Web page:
Resources About Us Careers Login
Back to Trustworthy Resources

All Estate Planning Articles

Estate Planning

Estate planning 101: An introductory guide

Estate planning may be one of the most important things you can do for yourself and your family — and also one of the easiest things to keep putting off. In fact, a study by AARP found that nearly 60% of American adults don’t have a will or living trust. 

Estate Planning

Protect Your Young Adult Children with Sandwich Smarter & Trustworthy

Legal documents like medical records and rental agreements are one of many things young adults and their families need to keep track of. But has your family thought about the importance of a completed and signed Power of Attorney document?

Estate Planning

What Are the Best Online Estate Plan Providers?

Legacy planning is difficult to do on your own. But which are the best online estate plan providers that can help?

Estate Planning

Is Trust and Estate Planning Right for Me?

Contrary to popular belief, trust and estate planning is for people of all ages and income brackets. Here’s what you should know.

Estate Planning

Who are the Parties to a Trust?

There are generally three parties to a trust: The “Grantor” is the person who wants to create the trust and put his or her property into it. This person might instead be called the “Settlor,” but it means the same thing.

Estate Planning

What does a Trustee Do?

When you create a trust, the Trustee is the person you are “trusting” to safeguard and invest the trust property, pay all the legitimate debts, expenses and taxes of the trust, and distribute the trust...

Estate Planning

How is a Trust Created?

A trust is usually created in writing by a legal document, sometimes called the “trust document.” There are two common types of trust document used to create a trust—a Last Will and Testament, or a Trust Agreement.

Estate Planning

What is the Uniform Trust Code? What is the Uniform Probate Code?

The Uniform Probate Code and the Uniform Trust Code are not laws. They are models that some states have used when writing their own probate and trust laws.

Estate Planning

What Exactly is a Trust?

A trust is a legal arrangement by which a person (the “Trustee”) legally owns the property of one person (the “Grantor”) for the benefit of another person (the “Beneficiary”).

Estate Planning

Do You Need to Avoid Probate?

Probate is the name for a legal proceeding in which a deceased person’s Last Will and Testament (or “Will”) is presented to the court which has legal authority (or “jurisdiction”) over the settlement of estates.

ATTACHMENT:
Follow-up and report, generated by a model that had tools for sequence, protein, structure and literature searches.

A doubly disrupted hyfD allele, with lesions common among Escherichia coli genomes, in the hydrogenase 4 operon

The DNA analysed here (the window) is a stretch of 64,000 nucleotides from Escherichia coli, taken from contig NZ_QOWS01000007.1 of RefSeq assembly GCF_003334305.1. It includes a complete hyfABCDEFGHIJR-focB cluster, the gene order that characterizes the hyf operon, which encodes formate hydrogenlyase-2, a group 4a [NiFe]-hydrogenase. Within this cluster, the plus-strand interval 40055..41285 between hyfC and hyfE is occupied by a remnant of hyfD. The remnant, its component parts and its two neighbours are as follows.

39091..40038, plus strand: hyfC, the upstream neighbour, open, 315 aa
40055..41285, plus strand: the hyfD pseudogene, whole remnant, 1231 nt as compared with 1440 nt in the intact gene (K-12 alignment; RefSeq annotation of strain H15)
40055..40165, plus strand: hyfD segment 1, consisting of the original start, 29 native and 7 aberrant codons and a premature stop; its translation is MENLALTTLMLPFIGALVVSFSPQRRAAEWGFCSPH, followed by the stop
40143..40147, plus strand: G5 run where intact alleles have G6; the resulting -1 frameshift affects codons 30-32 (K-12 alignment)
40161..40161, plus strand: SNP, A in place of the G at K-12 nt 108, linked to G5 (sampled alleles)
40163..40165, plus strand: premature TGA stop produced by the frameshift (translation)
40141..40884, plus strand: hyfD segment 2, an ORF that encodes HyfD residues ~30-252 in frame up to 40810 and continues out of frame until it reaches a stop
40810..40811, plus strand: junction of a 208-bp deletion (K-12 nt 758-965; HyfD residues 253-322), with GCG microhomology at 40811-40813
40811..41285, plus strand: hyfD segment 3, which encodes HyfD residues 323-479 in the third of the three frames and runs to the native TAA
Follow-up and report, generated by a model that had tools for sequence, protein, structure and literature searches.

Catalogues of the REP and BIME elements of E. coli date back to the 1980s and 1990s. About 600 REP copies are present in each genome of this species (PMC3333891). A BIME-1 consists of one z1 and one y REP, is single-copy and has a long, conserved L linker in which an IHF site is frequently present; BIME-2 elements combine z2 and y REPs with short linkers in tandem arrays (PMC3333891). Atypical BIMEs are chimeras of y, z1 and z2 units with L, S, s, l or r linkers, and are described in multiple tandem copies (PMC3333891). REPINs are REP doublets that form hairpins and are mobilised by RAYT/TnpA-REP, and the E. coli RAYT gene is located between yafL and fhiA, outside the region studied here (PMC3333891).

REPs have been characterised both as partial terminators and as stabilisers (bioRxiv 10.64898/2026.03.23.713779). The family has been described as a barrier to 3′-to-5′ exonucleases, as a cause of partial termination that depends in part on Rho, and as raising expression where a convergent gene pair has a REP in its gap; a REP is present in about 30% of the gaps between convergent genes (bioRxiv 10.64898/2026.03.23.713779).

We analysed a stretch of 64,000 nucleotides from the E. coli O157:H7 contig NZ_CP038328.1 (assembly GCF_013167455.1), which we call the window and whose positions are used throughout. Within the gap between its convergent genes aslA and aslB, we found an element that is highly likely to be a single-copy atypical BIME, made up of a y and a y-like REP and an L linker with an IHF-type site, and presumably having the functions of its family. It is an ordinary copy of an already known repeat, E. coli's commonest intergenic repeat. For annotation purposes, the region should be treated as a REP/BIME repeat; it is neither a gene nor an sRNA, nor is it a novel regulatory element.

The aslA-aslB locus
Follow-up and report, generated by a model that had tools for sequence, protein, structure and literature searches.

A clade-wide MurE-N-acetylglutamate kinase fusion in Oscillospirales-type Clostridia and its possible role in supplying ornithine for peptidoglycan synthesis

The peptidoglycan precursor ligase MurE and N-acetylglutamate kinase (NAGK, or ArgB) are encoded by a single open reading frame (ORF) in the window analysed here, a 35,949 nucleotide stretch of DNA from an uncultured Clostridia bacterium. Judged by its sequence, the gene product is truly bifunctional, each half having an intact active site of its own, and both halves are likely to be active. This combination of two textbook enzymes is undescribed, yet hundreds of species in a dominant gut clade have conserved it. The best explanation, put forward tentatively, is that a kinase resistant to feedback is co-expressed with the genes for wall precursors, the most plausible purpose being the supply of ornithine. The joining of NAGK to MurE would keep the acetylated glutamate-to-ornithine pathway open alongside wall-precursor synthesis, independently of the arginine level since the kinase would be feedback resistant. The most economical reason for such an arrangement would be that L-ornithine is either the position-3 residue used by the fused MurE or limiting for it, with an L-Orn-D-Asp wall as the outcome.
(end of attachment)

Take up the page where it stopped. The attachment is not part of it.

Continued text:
Estate Planning

What is Probate?

Probate is the legal proceeding in which a deceased person’s Last Will and Testament is presented to the court. This court has legal authority, or jurisdiction, over the settlement of estates.

Estate Planning

What Is a Power of Attorney for Finances?

A power of attorney is a legal document in which you appoint one or more people to be your agent. You’re called the principal and your agent is sometimes called your attorney-in-fact.

Estate Planning

What Is Your Domicile & Why It Matters

When planning your estate, it’s important to know which state is your legal domicile. Why? Because the laws of each of the fifty states of the United States of America are different.

Estate Planning

What Are Advance Directives?

Advance Directives are legally binding documents that deal with health care matters. Different states have different names for these important documents.

Estate Planning

What is a Last Will and Testament (also known as a Will)?

Traditionally a Will has been the backbone of an estate plan. It is a legally-binding document. that spells out who will inherit the property of a person...

Estate Planning

What Does Your “Property” Mean?

In the estate planning context, property means all of your assets, not just real estate. Property includes real property, which is real estate, and personal property, which is everything else.

Estate Planning

What Does a Typical Estate Plan Include?

An “estate plan” is a plan that you create with the assistance of your attorney — ideally long before your death — so that, when you die, your assets go to the people you choose.

Estate Planning

What is an Estate Plan? (And why you need one)

Your estate plan is a plan that you devise (with the assistance of your attorney) long before your death so that, when you die, your assets go to the people you choose, and in the manner you want.